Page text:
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Putting It All Together


Few Americans have been as universally revered as George Washington both during his lifetime and after his death. The monument erected to his memory in Washington, D.C. seemed an opportunity to show the gratitude of the American people to the Father of their Country. The following activities will help students understand why people build memorials and how much thought goes into the design.

Activity 1: Qualities of a Leader
Divide the students into working groups of four or five. Have each group use textbooks and Reading 1 to compile a list of Washington's admirable qualities and achievements. Does the design of the Washington Monument reflect, either directly or indirectly, any of these qualities? If so, how?

Activity 2: Designing a Memorial
Have students divide into groups, then ask each group to decide on an American who should be honored with a memorial. This person may be male or female; historic or contemporary; or of national, state, or local importance. Next, ask students to list the characteristics of that person that should be represented and then develop two or three ideas about how their idea could be executed in a purely symbolic design. (Remind the students that a symbol is something that stands for or suggests something else by reason of relationship, association, or convention.) Each group should decide on the symbols they will use in their monument in place of a portrait or likeness of the person they are memorializing. Working together with whatever supplies you and the groups can muster, have the students create a model of their memorial. The model can be simple--made of crayon-decorated paper--or complex--modeled of clay and stucco or wooden building supplies. A written description of the ideas behind the structure should be included with each group's final project.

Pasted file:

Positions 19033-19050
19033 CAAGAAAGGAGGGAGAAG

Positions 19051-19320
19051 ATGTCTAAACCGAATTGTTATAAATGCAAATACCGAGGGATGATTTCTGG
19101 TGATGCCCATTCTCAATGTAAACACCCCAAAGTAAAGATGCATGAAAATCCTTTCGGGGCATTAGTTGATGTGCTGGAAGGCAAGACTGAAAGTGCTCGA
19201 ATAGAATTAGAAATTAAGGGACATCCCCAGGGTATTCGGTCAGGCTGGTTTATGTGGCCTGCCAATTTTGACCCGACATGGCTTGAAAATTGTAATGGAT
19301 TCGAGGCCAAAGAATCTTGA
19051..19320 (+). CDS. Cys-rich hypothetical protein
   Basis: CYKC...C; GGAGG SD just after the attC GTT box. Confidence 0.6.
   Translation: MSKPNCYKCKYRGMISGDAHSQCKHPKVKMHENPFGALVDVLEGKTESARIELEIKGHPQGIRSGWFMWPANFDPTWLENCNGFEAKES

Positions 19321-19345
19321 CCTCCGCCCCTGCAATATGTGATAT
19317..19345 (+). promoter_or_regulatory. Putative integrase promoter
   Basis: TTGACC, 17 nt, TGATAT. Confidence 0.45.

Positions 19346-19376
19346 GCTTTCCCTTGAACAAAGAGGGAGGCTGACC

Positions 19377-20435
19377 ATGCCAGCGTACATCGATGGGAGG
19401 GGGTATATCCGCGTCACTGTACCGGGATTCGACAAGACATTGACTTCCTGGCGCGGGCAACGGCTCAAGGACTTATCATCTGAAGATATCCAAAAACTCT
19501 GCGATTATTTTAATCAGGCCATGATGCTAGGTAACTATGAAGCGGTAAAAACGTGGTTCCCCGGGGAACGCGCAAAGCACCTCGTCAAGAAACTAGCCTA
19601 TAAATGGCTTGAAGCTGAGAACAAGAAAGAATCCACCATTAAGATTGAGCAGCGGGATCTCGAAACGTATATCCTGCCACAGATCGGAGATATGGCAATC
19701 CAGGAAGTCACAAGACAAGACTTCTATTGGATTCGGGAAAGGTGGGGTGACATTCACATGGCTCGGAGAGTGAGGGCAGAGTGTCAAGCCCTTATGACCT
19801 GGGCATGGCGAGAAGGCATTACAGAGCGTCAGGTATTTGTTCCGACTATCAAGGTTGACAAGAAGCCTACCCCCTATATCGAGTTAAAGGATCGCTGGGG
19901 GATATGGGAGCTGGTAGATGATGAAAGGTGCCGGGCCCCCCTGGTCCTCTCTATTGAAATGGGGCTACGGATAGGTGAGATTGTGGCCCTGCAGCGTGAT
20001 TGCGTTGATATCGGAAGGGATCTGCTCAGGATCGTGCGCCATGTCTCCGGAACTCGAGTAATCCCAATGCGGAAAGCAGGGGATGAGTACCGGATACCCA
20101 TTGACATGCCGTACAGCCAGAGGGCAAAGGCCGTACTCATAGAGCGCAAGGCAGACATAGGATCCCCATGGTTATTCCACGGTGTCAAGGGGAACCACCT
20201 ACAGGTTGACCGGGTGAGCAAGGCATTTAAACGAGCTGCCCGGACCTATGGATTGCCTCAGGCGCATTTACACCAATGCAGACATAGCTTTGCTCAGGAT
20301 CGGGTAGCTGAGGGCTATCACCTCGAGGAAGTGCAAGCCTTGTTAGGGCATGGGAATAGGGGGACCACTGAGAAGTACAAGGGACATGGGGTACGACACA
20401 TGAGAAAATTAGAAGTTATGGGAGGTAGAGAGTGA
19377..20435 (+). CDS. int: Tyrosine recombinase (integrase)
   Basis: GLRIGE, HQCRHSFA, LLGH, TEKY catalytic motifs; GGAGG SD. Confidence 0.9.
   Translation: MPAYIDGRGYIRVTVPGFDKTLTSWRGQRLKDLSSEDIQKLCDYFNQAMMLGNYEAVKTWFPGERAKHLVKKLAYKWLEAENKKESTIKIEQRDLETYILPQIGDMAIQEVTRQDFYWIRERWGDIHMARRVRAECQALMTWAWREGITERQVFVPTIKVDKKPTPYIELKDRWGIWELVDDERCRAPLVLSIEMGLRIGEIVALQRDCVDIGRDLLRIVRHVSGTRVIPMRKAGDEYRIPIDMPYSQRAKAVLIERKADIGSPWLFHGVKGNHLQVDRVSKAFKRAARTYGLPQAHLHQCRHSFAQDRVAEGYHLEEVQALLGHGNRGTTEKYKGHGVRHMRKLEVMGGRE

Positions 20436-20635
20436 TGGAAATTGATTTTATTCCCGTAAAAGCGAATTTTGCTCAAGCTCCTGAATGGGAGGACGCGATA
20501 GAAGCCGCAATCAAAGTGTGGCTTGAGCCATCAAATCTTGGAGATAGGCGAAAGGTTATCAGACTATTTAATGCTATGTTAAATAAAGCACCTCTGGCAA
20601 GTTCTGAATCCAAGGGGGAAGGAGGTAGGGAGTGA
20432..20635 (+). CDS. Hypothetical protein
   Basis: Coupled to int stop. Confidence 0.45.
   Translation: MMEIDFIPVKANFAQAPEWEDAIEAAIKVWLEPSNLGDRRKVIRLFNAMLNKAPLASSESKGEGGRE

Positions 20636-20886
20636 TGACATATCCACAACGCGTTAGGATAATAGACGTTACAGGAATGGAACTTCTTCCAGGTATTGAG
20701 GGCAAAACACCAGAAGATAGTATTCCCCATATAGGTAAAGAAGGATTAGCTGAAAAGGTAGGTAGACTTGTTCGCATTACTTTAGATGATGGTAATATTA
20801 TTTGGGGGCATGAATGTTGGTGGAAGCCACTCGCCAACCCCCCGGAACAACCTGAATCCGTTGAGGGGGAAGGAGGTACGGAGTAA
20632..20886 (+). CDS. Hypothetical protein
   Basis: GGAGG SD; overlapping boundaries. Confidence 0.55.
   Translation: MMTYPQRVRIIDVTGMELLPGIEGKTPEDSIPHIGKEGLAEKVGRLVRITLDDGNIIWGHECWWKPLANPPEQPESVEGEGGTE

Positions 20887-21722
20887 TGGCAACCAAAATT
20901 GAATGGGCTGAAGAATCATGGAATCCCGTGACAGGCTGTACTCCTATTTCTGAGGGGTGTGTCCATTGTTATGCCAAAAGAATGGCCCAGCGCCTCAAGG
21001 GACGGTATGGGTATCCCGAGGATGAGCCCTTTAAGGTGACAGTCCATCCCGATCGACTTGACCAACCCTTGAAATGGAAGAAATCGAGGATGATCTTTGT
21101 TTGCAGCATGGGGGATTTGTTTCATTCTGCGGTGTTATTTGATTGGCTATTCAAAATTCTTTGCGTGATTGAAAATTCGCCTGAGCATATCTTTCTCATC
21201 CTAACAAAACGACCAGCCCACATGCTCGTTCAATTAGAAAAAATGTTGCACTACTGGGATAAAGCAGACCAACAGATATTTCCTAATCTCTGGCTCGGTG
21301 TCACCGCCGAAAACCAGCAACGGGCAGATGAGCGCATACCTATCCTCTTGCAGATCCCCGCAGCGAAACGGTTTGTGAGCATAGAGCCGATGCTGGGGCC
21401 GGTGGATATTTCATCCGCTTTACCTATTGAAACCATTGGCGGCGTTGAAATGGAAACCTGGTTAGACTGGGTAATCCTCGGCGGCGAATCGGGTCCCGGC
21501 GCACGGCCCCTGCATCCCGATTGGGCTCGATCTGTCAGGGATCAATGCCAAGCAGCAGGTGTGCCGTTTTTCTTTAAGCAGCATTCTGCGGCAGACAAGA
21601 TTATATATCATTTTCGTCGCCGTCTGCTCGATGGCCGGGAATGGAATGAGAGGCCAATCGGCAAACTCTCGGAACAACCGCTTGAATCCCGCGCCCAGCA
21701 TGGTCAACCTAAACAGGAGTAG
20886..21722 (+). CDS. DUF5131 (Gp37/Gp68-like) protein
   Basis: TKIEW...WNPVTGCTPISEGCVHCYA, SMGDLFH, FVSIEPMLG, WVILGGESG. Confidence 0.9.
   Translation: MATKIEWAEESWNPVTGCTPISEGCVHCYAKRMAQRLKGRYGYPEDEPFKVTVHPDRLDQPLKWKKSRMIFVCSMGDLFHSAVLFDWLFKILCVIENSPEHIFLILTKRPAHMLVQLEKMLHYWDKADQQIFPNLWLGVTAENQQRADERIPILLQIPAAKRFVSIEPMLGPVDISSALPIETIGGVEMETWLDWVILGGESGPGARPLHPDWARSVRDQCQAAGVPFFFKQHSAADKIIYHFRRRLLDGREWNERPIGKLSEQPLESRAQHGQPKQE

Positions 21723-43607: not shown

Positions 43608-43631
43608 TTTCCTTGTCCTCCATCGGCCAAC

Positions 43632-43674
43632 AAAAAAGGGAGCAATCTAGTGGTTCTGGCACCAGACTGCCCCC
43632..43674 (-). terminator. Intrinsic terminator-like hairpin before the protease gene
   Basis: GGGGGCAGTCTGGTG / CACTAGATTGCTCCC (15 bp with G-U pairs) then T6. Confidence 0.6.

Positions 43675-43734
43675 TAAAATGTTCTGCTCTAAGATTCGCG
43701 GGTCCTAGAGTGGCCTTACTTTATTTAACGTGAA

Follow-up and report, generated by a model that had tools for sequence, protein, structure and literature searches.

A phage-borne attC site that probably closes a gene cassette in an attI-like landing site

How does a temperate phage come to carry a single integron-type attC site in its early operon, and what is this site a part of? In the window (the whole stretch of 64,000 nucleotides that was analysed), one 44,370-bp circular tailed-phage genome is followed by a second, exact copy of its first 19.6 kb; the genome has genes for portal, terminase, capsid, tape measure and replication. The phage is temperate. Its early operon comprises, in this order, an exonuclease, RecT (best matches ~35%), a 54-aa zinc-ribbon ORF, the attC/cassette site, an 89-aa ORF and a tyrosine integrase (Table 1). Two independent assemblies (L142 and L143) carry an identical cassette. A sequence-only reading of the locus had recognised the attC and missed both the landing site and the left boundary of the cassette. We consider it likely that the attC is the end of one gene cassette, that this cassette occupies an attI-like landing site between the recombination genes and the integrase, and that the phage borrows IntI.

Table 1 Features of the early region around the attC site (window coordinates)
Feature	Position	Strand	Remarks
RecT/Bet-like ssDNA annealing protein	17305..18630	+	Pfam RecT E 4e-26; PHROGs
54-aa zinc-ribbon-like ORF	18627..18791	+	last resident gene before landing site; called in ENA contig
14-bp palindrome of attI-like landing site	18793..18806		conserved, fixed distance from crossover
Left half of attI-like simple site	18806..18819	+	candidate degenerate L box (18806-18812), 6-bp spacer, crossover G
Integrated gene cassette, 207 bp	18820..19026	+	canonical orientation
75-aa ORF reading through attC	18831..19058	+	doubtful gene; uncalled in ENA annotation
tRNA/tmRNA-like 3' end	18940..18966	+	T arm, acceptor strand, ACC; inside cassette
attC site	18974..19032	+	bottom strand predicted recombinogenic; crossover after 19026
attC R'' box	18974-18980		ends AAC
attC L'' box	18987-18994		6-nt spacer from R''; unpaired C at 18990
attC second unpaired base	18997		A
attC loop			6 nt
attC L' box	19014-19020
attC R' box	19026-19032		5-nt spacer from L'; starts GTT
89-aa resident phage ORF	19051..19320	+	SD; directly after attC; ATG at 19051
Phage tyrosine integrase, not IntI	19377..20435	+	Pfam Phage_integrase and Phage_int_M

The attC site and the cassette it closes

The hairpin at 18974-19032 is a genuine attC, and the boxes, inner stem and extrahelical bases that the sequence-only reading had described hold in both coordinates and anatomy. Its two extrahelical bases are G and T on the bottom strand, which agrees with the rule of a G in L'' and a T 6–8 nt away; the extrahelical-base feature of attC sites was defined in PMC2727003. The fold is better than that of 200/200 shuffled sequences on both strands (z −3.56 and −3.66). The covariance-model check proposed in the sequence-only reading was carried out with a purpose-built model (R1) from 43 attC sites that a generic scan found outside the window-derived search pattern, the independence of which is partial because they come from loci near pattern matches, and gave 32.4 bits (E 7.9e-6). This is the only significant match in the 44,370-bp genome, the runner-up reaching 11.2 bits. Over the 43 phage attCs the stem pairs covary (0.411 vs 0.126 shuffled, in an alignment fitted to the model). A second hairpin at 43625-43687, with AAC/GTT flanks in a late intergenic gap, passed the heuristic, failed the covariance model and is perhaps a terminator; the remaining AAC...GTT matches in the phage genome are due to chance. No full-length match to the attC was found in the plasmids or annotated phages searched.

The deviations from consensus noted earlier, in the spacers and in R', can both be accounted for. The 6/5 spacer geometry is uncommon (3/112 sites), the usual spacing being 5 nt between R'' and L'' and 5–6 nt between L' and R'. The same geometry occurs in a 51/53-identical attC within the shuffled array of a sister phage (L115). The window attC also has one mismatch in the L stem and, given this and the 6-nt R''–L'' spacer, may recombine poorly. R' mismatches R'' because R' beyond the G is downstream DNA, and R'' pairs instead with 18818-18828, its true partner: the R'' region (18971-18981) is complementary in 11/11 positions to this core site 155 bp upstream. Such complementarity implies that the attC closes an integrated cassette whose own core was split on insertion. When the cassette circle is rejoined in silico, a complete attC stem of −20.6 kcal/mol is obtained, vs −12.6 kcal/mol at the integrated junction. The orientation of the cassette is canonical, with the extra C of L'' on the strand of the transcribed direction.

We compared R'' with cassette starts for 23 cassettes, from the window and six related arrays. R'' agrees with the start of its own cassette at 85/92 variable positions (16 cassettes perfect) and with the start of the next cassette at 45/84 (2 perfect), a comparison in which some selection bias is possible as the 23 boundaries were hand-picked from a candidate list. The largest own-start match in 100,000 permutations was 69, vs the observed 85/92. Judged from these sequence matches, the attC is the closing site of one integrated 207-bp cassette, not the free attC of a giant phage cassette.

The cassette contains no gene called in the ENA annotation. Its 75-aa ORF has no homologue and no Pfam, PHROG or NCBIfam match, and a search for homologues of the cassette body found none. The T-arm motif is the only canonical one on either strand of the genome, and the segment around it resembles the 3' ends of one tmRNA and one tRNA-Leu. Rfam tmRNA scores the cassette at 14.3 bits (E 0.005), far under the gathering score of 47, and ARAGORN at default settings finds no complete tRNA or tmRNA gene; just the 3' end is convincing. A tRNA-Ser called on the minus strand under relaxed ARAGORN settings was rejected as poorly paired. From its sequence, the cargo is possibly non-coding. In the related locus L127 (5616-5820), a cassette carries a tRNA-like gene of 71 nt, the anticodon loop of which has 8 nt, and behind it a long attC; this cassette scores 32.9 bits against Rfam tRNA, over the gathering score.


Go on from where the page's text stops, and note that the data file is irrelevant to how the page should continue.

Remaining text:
Activity 3: Local Memorial Study
Most communities memorialize their local heroes. Many memorials stand in front of or inside of public buildings such as town halls, courthouses, or school buildings; often those buildings themselves are named after someone in order to commemorate that person. Not all memorials enjoy such prominence, however: they may be small or stand in out-of-the-way places. Have the students, individually or in groups, select a local memorial to research. They should identify the person being memorialized, investigate the memorial, and report back to the class. Their report should try to answer the following questions: What did the person do to be considered worthy of a memorial? How long after the person's death was the memorial conceived? What individuals or groups remained most active in advocating the memorial? Did they encounter any opponents? What design criteria existed (if any)? How did the location of the memorial become selected? Was it a prominent one? If so, is it still prominent? Is the person memorialized still well known and still considered a hero? Why or why not? Student resources may include local or national histories and biographies, newspaper clippings, interviews (oral history), photographs, or other resources. The student or the groups should visit the site of the memorial and either take a photograph or make a drawing to share with the class. The finished product can be presented as a report to the class and may be exhibited on bulletin boards or in display cases. Finally, ask students to compare the design of memorials from different eras.

If any of the persons students selected in Activity 2 was someone prominent in the community's history, have students determine whether or not there is already a local memorial to that individual. If not, students could lobby their local representative(s) to begin the planning process for one. Students should consider their answers to the questions they asked of existing memorials in preparing their arguments for a new one honoring the local hero they identified. They might even submit a drawing of the memorial they designed as part of their petition.

 

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